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Sizing up the Fed’s balance sheet

| January 17, 2020

This document is intended for institutional investors and is not subject to all of the independence and disclosure standards applicable to debt research reports prepared for retail investors.

The Federal Reserve took quick action when the repo market started acting up in September, first injecting liquidity through repo operations and then embarking on a campaign to buy Treasury bills to increase reserves. While central bankers have been deliberately vague, the fourth consecutive month of heavy T-bill purchases should refocus attention on the Fed’s targeted size for the balance sheet, and whether a tapering of purchases will have consequences for monetary policy.

The mandate from the FOMC

The New York Fed has its marching orders from the FOMC.  As of the October 2019 FOMC meeting, the NY Fed Open Market Desk was directed to buy Treasury bills at least into the second quarter of 2020 “to maintain over time ample reserve balances at or above the level that prevailed in early September 2019.”  In addition the Desk was directed to conduct overnight and term RP operations “at least through January of next year to ensure that the supply of reserves remains ample even during periods of sharp increases in non-reserve liabilities, and to mitigate the risk of money market pressures that could adversely affect policy implementation.”  The guidance was updated at the December FOMC meeting to include scaled-back repo operations through the tax season in April.

The Desk just announced a fourth month’s worth of purchases of $60 billion in Treasury bills to grow the balance sheet.  Meanwhile, since year-end, the Desk has only modestly shaved the maximum amount of repo operations on offer, perhaps hoping that as conditions normalize, dealers would simply curtail their bids.  However, the outstanding amount of Fed repo operations has yet to shrink markedly.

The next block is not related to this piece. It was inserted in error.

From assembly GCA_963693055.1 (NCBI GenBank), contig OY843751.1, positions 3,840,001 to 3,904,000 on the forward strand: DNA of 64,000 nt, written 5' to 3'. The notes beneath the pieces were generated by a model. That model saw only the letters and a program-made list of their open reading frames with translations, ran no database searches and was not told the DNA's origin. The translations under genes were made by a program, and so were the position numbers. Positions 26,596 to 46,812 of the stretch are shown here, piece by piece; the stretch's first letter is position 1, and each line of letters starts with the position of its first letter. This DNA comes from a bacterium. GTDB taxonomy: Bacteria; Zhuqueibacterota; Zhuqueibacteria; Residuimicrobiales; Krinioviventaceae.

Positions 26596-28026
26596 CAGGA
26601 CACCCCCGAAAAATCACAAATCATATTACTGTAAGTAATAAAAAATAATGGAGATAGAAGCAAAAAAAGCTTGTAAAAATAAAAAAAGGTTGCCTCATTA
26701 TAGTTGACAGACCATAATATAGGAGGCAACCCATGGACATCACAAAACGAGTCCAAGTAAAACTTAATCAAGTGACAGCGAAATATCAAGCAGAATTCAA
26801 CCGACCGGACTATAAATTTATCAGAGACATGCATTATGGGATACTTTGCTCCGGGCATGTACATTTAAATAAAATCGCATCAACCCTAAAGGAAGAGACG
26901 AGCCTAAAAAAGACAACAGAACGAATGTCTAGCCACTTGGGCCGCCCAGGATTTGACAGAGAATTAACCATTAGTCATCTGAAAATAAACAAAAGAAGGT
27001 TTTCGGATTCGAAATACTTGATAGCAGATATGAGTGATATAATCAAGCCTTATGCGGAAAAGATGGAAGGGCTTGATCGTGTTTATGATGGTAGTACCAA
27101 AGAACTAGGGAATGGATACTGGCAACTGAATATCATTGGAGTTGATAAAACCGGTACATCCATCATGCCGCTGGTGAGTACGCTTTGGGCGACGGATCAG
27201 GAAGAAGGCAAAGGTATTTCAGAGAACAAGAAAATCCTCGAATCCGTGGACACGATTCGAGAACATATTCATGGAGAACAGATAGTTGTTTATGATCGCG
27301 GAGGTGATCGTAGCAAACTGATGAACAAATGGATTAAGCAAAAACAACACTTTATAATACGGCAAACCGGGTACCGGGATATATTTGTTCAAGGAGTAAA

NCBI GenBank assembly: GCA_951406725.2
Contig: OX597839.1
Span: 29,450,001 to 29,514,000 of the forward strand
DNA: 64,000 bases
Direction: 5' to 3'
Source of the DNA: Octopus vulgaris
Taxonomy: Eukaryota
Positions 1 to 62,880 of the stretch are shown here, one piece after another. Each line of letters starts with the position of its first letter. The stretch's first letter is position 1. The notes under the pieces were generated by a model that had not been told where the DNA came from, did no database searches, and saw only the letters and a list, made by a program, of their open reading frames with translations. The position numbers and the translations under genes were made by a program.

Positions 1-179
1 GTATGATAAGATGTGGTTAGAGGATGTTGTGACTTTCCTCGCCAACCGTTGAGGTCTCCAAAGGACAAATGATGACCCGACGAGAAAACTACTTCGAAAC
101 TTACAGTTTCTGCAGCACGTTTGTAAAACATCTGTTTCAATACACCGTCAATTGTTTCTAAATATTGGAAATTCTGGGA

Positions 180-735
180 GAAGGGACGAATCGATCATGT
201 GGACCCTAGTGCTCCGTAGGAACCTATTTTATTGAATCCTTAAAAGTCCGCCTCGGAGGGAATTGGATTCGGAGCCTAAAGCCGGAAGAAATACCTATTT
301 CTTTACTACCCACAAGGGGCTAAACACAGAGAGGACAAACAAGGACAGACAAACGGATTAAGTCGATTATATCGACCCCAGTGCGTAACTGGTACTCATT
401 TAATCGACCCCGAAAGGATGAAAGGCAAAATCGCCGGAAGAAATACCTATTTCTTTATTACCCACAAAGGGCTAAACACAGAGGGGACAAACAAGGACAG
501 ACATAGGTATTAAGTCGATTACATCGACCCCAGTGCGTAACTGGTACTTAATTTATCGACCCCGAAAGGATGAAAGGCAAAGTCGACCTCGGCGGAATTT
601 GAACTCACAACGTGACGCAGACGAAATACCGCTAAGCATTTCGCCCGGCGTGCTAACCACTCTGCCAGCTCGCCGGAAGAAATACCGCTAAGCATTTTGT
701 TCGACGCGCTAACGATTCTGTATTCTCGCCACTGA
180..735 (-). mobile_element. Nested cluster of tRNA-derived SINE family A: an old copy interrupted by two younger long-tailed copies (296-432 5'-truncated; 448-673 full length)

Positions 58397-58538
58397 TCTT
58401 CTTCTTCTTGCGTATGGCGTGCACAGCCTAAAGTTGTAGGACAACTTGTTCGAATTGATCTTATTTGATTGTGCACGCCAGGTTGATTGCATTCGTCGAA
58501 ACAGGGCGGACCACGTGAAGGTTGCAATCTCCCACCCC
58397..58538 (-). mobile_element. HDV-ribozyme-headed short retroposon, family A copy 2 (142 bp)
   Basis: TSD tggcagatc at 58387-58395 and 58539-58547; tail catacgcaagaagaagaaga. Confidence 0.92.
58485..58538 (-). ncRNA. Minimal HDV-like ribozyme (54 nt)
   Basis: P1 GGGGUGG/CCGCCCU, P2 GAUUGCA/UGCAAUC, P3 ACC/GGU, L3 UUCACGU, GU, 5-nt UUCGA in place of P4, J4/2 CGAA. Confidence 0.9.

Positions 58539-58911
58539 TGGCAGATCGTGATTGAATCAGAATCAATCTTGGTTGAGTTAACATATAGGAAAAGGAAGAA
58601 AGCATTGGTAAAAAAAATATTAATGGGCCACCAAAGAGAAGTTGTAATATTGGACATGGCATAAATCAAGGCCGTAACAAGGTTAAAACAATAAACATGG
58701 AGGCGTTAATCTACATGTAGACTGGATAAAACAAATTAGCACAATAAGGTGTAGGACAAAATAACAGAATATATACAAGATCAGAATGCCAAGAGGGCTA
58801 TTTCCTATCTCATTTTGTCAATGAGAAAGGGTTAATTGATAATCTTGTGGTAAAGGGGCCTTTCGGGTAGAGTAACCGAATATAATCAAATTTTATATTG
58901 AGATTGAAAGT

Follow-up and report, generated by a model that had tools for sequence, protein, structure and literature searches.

How big of a balance sheet does the Fed want?

 The most important question surrounding these issues is how much the Fed wants to grow the balance sheet.  The directive quoted above is quite vague, only committing to keep the balance sheet at least as large as it was in September 2019, when the repo market acted up.  However, policymakers clearly want a balance sheet that is substantially larger than that to provide an ample cushion of liquidity for the banking system and money markets.

The sentiment in late 2019 seemed to be that the risks were skewed drastically toward repo market tightness, so that the larger the balance sheet, the better.  A few hawks were sounding off about easy monetary policy (both rates and the balance sheet) creating financial stability risks (Fedspeak for bubbles), but most officials seemed content to allow a continuing accumulation of excess reserves.  However, comments on January 15 by Dallas Fed President Robert Kaplan, a centrist on the Committee, suggest that concerns may be beginning to build.  A growing consensus of financial market participants and analysts are discussing the fact that stock prices have been zooming since the Fed began to grow its balance sheet.  While that correlation may be coincidence, it harkens back to a common refrain heard during QE.  Kaplan seemed to offer some validity to that argument, noting that “my own view is it (balance sheet growth) is having some effect on risk assets.”  He goes on to argue that “I think we’ve done what we need to do up until now.  But I think it’s very important that we come up with a plan and communicate a plan for winding this down and tempering balance sheet growth.”